Blue Mountains MP Trish Doyle pushes for vaccine passport pilot in Blue Mountains

A local MP and a business owner have joined forces to push for a vaccine passport pilot program in the Mountains to boost tourism for a community "on its knees" after fires, flood and COVID.

Blue Mountains MP Trish Doyle and Lorraine Allanson, owner of Mountain Whispers, a luxury boutique accommodation business, have urged residents to get vaccinated, so life can return to normal for those struggling to make ends meet.

Ms Doyle has written to the NSW Health Minister Brad Hazzard proposing the pilot Vaccine Passport scheme - when the time is right - using the Mountains as the first tourism region to let fully vaccinated visitors visit.

"The Mountains is on Sydney's doorstep, we are part of the Greater Sydney lockdown, and yet we are geographically separate from suburban Sydney and the Central West. This is the perfect place to run a pilot scheme that reopens local tourism in a COVID-safe way," she said.

Mandatory vaccination is not currently an option. More countries are introducing digital vaccination certificates to open up economies for those vaccinated. In the UK, a vaccine certificate for travel, now called the NHS COVID Pass, was introduced in May. Cricket Australia boss Nick Hockley this week told Fairfax Media he was looking at a Wimbledon-style vaccine passport system for this summer's Ashes.

The Mountains economy is tourism-dependent, with hospitality venues, accommodation providers, tour operators and retailers suffering significantly from COVID-19 lockdowns, as well as fires and floods. Bringing in the passport at the appropriate time using the Service NSW app would give businesses certainty and act as an incentive to book vaccinations, Ms Doyle said.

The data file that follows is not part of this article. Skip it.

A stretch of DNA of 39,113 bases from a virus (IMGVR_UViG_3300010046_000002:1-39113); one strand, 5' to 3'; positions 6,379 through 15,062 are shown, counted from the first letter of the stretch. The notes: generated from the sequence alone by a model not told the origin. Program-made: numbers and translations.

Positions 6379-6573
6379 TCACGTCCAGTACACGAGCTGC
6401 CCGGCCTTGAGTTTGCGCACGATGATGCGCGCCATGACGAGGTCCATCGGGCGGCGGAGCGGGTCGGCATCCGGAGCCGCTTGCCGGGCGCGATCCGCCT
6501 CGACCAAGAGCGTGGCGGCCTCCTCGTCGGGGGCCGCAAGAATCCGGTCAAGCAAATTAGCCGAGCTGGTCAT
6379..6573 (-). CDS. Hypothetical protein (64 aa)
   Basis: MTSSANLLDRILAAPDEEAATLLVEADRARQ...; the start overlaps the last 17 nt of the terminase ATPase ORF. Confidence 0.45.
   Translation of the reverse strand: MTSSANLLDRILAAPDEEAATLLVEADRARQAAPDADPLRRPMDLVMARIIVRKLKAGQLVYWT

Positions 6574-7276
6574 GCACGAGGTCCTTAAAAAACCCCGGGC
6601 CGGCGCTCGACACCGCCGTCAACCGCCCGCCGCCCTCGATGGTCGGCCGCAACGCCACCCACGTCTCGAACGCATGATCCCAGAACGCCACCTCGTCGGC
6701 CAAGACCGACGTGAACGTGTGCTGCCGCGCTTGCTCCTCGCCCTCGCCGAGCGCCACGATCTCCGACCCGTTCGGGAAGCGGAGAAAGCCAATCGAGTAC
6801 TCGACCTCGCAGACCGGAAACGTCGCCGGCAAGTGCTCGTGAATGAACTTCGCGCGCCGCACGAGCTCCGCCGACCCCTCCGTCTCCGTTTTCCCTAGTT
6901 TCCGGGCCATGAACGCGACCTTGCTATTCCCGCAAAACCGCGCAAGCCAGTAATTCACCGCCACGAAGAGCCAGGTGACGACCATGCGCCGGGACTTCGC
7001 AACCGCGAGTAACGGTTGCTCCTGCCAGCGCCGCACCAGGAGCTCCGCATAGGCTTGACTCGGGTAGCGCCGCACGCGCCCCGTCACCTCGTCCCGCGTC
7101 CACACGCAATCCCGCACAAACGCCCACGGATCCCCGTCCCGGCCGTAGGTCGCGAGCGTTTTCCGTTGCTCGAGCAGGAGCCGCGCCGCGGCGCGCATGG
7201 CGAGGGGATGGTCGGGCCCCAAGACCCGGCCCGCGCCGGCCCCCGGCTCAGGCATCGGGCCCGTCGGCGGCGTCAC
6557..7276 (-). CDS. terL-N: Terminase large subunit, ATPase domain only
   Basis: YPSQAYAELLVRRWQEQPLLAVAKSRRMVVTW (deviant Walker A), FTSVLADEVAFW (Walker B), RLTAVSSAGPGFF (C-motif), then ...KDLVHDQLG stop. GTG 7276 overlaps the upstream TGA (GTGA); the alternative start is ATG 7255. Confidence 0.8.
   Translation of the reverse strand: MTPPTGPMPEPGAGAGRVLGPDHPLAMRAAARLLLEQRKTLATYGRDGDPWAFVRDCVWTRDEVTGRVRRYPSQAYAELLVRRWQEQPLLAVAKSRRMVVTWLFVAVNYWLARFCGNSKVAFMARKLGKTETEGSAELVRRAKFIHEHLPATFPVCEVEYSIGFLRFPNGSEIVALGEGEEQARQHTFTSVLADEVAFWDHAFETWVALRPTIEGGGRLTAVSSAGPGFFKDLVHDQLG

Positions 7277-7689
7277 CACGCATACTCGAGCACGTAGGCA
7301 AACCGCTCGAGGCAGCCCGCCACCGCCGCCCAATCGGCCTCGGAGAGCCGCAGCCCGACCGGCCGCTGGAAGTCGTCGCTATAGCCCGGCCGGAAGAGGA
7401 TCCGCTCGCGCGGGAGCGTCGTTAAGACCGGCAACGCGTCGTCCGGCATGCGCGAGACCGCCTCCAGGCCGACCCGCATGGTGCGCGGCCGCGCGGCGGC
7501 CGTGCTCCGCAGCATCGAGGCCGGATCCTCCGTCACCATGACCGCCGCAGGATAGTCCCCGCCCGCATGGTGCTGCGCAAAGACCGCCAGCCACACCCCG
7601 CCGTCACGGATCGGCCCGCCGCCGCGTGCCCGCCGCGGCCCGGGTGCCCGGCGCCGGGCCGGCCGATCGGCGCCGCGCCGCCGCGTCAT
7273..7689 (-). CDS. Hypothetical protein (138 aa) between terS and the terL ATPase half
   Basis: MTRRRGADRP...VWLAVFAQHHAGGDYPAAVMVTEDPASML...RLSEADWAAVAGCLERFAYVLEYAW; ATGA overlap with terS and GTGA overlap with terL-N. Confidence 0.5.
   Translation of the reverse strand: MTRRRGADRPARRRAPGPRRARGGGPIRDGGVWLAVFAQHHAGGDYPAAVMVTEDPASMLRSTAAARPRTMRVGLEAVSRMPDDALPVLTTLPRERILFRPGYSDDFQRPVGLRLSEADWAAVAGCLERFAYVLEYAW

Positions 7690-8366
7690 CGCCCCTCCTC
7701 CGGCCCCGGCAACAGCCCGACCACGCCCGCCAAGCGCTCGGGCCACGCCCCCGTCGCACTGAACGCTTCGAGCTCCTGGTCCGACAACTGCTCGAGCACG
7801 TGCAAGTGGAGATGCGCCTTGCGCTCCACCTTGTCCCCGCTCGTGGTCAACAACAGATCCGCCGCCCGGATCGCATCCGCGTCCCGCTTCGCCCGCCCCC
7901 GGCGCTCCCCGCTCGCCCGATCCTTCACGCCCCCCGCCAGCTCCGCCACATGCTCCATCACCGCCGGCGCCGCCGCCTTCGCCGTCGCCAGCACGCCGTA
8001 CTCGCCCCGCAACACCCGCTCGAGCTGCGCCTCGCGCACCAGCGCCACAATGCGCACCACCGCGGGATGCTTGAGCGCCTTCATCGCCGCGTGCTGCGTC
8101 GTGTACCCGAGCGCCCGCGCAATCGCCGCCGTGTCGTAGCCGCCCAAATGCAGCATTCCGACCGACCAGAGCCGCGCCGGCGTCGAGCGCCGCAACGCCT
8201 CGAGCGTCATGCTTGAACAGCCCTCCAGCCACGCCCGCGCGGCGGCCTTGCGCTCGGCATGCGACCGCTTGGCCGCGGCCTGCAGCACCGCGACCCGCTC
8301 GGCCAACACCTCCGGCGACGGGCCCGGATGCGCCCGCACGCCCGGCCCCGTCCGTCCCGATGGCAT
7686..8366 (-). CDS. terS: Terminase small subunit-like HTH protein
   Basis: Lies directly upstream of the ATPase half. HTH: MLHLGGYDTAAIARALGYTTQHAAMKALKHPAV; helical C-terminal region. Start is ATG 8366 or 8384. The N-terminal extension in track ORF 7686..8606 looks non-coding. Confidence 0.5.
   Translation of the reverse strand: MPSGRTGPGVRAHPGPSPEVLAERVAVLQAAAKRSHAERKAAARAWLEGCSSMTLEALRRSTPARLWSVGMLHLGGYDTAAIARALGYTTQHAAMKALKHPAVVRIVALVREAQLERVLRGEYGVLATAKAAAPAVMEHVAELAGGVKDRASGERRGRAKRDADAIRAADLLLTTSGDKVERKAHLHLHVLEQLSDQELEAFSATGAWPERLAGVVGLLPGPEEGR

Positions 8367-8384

"Obviously this could only happen once vaccination rates reach an appropriate threshold and community transmission of the Delta-variant subsides, but this needs to be planned for now so we are ready to hit the ground running and get people back to work," she added.

Obviously this could only happen once vaccination rates reach an appropriate threshold and community transmission of the Delta-variant subsides, but this needs to be planned for now so we are ready to hit the ground running and get people back to work.

Trish Doyle

Ms Allanson said business owners and employers "need to see light at the end of the lockdown tunnel". She said the scheme would "send a clear signal in the short term to people across NSW that they should get vaccinated, but would also direct targeted economic stimulus in the medium-term to a region that has been on its knees for over 18 months".

Since the recent lockdown was announced on June 26 and up to the end of July, Ms Allanson had "lost in the vicinity of 54 per cent of business, with an additional $60,000 plus of potential business, as we were entering our busiest period of Yulefest and school holidays".

She has been "literally begging people to postpone and not cancel their booking". She expects further cancellations now the Leura Garden Festival will not go ahead.

NSW Health Minister Brad Hazzard was approached for comment. His office referred the Gazette to Premier Gladys Berejiklian's Tuesday health update which indicated the government's position was that talk of the passports was premature.

During the update Ms Berejiklian said incentives through a type of passport is "on the table ... and we understand what stress people are under and they want to be able to work".

"Our priority is getting children back to school and back to work ... all those other things will come in good time. Incentives are a good way to move forward."

The Australian Tourism Export Council said "without mass vaccinations, both domestic and internationally focused tourism businesses, worth more than $150bn to our economy annually, will continue to be victims to stop-start border closures and localised COVID outbreaks".

"Australian tourism businesses are not only suffering from the ongoing loss of international visitors, they are battling a consistently shifting domestic travel environment where people are losing confidence in their ability to go anywhere," the ATEC spokeswoman said.